SJSU Protests Tuition Hike

Editor's Note:

Wed. March 1st, CSU students and faculty across the state walked out of classes to protest a proposed tuition hike of five percent.

Over 100 San José State students rallied in last Wednesday’s hot noon sun to loudly oppose the proposed five percent increase for California State University tuition starting this fall.

“We are here because we think that’s f*cking bullshit that the CSU Board of Trustees wants us to pay more money for a declining quality of education,” said Ryan Eckford from Students for Quality Education. He pointed out that the CSU system has decreased funding as the number of non-white CSU students has increased.

“We have to accept the really sad reality that those in power don’t give a f*ck about us and if we don’t fight for our rights no one is going to,” Eckford said. Students whooped and cheered in response. Eckford asked students to attend the Board of Trustees meeting on March 22nd in Long Beach to fight the tuition increase.

The rally was organized by MEChA (Movimiento Estudiantil Chicano de Aztlan) and supported by SQE (Students for Quality Education). Anakbayan Silicon Valley, Students for Quality Education, the California Faculty Association, the President of Associated Students, Students for Justice in Palestine and Student Advocates for Higher Education all had representatives who came out to speak or read statements of solidarity.

Students brought signs calling for student resistance with slogans like “Education not deportation,” “Stand up students,” “Education should not be a death sentence,” “Free the CSU from food insecurity” and “Victory for immigrants and students.”

Lupe Pepe, a MEChA organizer, called out: “Ready to fight?”

“Damn right!” Students yelled back.

“We have to resist until our state government values education over corporate interests,” said Hector Perea, the Associated Students President. “Resistance is continuous. It requires sacrifice. [...] What are the sacrifices that all of ya’ll are willing to make?”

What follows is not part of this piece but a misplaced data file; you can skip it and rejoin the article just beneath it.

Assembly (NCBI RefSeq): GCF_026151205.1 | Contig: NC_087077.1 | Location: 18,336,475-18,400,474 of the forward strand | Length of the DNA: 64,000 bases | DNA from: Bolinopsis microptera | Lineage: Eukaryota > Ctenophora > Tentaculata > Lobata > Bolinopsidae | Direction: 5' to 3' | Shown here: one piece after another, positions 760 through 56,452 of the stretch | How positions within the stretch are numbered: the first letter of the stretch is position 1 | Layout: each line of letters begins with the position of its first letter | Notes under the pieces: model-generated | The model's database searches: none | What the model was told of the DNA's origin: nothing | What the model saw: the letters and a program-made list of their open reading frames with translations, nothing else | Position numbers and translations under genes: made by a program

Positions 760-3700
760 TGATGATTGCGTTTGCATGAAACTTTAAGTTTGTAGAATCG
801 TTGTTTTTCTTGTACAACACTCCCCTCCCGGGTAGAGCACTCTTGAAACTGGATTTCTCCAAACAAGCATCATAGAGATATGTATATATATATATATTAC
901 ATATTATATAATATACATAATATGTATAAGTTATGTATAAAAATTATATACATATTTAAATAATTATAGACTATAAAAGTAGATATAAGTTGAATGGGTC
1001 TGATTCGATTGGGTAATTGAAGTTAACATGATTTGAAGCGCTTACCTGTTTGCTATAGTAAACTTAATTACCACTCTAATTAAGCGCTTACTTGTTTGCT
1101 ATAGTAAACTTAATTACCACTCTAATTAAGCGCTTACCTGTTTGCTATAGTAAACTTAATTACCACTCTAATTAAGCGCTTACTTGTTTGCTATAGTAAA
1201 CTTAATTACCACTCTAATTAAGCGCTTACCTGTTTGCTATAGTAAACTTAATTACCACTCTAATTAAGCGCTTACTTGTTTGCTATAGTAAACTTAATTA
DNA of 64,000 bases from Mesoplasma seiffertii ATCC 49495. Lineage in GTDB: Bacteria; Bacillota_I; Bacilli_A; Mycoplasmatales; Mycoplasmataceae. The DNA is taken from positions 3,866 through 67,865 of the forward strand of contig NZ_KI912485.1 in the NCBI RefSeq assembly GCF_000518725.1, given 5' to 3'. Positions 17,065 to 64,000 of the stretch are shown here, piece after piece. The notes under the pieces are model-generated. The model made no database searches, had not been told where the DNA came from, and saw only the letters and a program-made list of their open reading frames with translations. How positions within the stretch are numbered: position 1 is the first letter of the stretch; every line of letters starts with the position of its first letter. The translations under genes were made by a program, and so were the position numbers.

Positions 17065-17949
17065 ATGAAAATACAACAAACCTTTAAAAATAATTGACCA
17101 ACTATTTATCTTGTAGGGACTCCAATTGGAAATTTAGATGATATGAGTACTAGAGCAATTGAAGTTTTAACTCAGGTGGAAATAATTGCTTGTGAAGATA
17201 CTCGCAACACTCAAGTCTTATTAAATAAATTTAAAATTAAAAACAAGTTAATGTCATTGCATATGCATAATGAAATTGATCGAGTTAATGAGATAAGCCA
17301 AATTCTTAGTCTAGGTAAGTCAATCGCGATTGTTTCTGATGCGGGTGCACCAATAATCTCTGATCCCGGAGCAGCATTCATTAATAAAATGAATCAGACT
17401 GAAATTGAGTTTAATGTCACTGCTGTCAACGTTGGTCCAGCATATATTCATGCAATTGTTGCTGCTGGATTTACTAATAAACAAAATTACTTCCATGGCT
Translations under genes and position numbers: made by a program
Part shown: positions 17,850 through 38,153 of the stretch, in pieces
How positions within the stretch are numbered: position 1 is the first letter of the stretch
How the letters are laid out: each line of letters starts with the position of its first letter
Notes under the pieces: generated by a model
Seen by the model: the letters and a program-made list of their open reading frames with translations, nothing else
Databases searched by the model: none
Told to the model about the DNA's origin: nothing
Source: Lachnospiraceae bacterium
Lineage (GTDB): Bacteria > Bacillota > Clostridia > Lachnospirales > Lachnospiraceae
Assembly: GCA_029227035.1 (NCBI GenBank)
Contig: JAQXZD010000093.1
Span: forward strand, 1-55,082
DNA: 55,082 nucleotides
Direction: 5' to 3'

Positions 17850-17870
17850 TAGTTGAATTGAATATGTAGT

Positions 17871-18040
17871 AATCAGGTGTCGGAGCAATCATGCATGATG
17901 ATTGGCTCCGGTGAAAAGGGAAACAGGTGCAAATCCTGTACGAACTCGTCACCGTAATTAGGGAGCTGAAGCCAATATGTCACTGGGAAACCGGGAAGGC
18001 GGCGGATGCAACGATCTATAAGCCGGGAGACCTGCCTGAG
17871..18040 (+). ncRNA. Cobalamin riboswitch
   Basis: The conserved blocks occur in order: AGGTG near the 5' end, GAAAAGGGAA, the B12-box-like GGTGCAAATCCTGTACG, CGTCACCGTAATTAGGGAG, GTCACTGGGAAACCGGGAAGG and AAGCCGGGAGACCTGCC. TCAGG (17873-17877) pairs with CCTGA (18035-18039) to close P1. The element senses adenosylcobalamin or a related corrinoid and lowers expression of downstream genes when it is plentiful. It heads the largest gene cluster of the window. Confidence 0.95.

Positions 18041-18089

Perea addressed the faculty members in the crowd and asked them to stand up and support students in their struggles.

J.P. Sanchez read a statement from Anakbayan Silicon Valley, a progressive Filipino youth organization, denouncing the Secretary of Education, Betsy DeVos. The statement called for increasing public educational funding by decreasing military funding, the removal of DeVos from office, free public education for all and protections for undocumented students.

Students booed whenever Secretary DeVos was mentioned.

Sanchez and the crowd chanted together: “Long live international solidarity!”

A representative from Student Advocates for Higher Education asked students to get involved in student organizations.

The President of the California Faculty Association, the union for CSU faculty, Preston Rudy, spoke to express faculty solidarity.

“Rather than moving towards privatization of higher education, that is selling education like an iPhone, like groceries, public education should be fully funded by the state of California,” said Rudy. He also spoke about the disastrous shift from hiring tenure professors to hiring adjunct instructors who are not given enough work to earn a living wage, despite having decades of higher education.

Martin Madrigal from MEChA informed the crowd that undergraduate students would pay $270 more a year, graduate students would pay $438 more a year and credential students would pay $312 more a year if the CSU proposal goes through.

Madrigal said the CSU system threatened that classroom conditions would not be improved, faculty would no longer get resources or raises, and that student resources centers for vulnerable students would be cut if this increase does not go through.

“The state and financial administration have a long history of pitting students, faculty and staff against each other in order to distract us from the increasing privatization of the California State University System,” Madrigal said. MEChA called for statewide student and faculty solidarity and actions before the Board of Trustees vote on March 22nd in Long Beach.

Around 70 students marched in a circle around campus while chanting: “The students united will never be divided! The students united will never be defeated!” Other San José State students stopped to stare. Many pulled out their phones.

Once students arrived back at the Cesar Chavez Memorial Plaza, the organizers opened up the mic for anyone who wanted to speak.

A man took the mic and asked the crowd who had a job. Almost everyone raised their hands.

He then asked how many students made over $6000 a year. Everyone dropped their hands down. He told the crowd that they should be entering engineering jobs or spending their tax returns on better things, but the crowd responded angrily.

One woman shouted,


“Some of us didn’t eat breakfast 

and some of us aren’t gonna 

eat lunch later.” 


Around one in five CSU students are food insecure and one in ten are homeless, according to a 2016 CSU Long Beach study.

Other students refocused the conversation on solidarity, urging people to sign up with student organizations and attend the CSU Board of Trustees vote on March 22nd in Long Beach.

“If that guy’s words light a fire under you, take that fire, become active,” one student said.





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